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The Gospel Comes with a House key (book review)

Why Believe

Elaine Dickson, , .

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The Gospel Comes with a House Key (240 pages)
Rosaria Butterfield
Crossway Books

I was eager to read this book as I had heard great things about it and had read Rosaria’s autobiography “Secret thoughts of an unlikely convert” too – which outlines how an older Christian couple practising ‘radically ordinary hospitality’, started to invite her as a university lecturer of LGBTQ+ studies, into their home and display such warmth and love.  I was not disappointed!  If ever you need to know what being Christ–like means, this book lays it out for you.

Rosaria looks at ordinary hospitality as a mission field. She gives us a glimpse in the book of how her and her family practice it on a daily basis. I haven’t read any other book (apart from the living word of God) that pushes the boundaries of what living as a Christian really means.

In this book she writes from a firm biblical perspective why hospitality is the ultimate evangelistic way of life that sees prayer, pain, food, an open door and real friendships as the key to sharing the gospel and seeing people come to know Jesus.

Butterfield writes a mini theology of Christian hospitality with lots of personal examples of how hospitality brought her to Jesus in the first place and real–life examples of how God has changed lives through her family. She describes the good times and the painful times.

Her practical approach is simple but effective, she promotes simplicity as opposed to what we normally might be like i.e. worrying about how tidy the place is, how visibly pleasing the meal is, or fussing over our guests. Butterfield’s approach is about being welcoming and open.  When she has guests, she shares whatever food she has made, involves everybody in setting the table, putting the food out, putting the kettle on and making the tea etc. Anyone coming into her house is made to feel at home.

Like her own story of coming to faith, it doesn’t matter what background or lifestyle her guests come from. She doesn’t judge her visitors and accepts people the way they are. However, she doesn’t approve of their sinful lives. Rosaria talks about the ‘Jesus paradox’. ‘‘the touch from Jesus that launches a contagion of grace …that allows the believer to love those who hate in return’’. (pg. 29) Also, like Jesus, her and her family were accused of dining amongst sinners.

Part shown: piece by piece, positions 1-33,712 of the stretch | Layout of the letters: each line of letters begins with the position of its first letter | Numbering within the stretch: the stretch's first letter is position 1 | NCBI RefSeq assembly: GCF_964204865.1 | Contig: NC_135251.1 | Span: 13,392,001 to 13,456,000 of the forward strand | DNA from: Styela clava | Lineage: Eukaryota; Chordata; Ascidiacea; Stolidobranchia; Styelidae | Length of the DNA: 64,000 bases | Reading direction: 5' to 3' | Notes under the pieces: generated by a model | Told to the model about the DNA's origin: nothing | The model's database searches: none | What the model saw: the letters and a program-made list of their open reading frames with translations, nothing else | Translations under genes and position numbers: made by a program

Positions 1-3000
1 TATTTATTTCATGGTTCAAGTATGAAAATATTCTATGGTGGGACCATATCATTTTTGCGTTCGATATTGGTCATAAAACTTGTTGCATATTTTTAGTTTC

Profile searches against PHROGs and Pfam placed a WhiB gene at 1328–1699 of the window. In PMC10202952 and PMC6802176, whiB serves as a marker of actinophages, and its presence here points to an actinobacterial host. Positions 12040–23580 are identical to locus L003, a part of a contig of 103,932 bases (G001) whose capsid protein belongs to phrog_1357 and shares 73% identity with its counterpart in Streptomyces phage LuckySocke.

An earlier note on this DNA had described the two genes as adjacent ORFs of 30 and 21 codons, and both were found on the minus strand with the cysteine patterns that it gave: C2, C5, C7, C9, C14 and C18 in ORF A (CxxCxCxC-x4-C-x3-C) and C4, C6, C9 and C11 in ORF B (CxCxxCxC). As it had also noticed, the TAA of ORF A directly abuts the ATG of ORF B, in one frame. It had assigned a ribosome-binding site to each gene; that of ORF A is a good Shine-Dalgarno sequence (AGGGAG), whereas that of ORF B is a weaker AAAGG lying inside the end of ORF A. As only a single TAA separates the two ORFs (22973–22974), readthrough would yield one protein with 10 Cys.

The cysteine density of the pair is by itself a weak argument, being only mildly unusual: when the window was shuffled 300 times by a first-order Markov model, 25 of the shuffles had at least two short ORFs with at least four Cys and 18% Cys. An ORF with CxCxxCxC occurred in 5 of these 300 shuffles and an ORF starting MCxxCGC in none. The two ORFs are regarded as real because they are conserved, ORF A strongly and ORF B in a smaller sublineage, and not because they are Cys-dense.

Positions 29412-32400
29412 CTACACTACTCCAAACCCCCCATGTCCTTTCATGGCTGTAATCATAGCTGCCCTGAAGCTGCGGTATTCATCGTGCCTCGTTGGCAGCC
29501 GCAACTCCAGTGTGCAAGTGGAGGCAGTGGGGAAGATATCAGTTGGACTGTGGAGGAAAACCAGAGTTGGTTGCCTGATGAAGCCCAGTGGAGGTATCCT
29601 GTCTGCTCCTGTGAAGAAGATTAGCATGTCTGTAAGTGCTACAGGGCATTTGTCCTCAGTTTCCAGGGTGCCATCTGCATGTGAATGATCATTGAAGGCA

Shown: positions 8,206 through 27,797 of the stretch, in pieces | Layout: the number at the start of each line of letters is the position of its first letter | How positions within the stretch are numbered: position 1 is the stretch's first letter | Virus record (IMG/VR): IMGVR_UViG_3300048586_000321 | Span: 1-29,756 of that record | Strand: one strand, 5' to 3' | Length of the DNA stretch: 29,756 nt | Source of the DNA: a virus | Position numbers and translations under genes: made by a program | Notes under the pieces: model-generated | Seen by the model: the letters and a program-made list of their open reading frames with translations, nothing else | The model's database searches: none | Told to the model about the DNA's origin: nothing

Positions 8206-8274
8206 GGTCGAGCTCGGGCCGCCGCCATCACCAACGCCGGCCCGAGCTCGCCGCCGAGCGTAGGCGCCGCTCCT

Around her table a variety of people gather, they are welcomed, Rosaria and her husband simply open their home and make themselves available. What is the challenge for me and for you?  I remember well one Christian student who opened her door to me as I was a struggling young Christian, she always made herself available. We cried together, we prayed together and we dined together. The kettle was always on, I felt at home in her dorm room. Her genuine friendship with me was used by God to help me with my anxiety and loneliness and also to persevere through my own studies.

So practically speaking whether it’s just a dorm room, a flat or a house, simply the challenge from this book is to have an ‘open door policy’. All you need is a kettle, whatever is in the cupboard and share it with those around you. People will start to open up and as you extend real friendship with them, God will work. But don’t just take my advice, I really do recommend reading this book by Rosaria Butterfield where you see how God works powerfully through ‘practicing radically ordinary hospitality in our post–Christian world.’

Elaine Dickson, a past Relay worker, is the voice behind True Word Ministries and can be found on Twitter @true_ni 


You can support a local Christian bookseller who gave us a review copy, by buying the book here.

Some questions that you and your CU may want to think about having read the book:

  • how can you shape your whole CU to show radically ordinary hospitality?
  • what does this mean for the accommodation choices that you make?  How could Christians in halls of residence that are dominated by non–Christians, shape this lifestyle?  How could a Christian house show this?  How might Christian accommodation blocks both help or hinder this lifestyle?
  • what does showing hospitality look like when we can’t open our physical doors in this crisis?
  • some of us spend lots of time with non–Christian friends, but sometimes lack intentionality to introduce them to other Christians, or to know how to show love in meaningful ways to them.  Others amongst us spend very little time with non–Christian friends in any meaningful way but yearn for opportunities to speak of Jesus.  Which of these do you tend towards?  What can we repent of?  How can we better live for Jesus in this?

You can hear more of Rosaria on this topic here: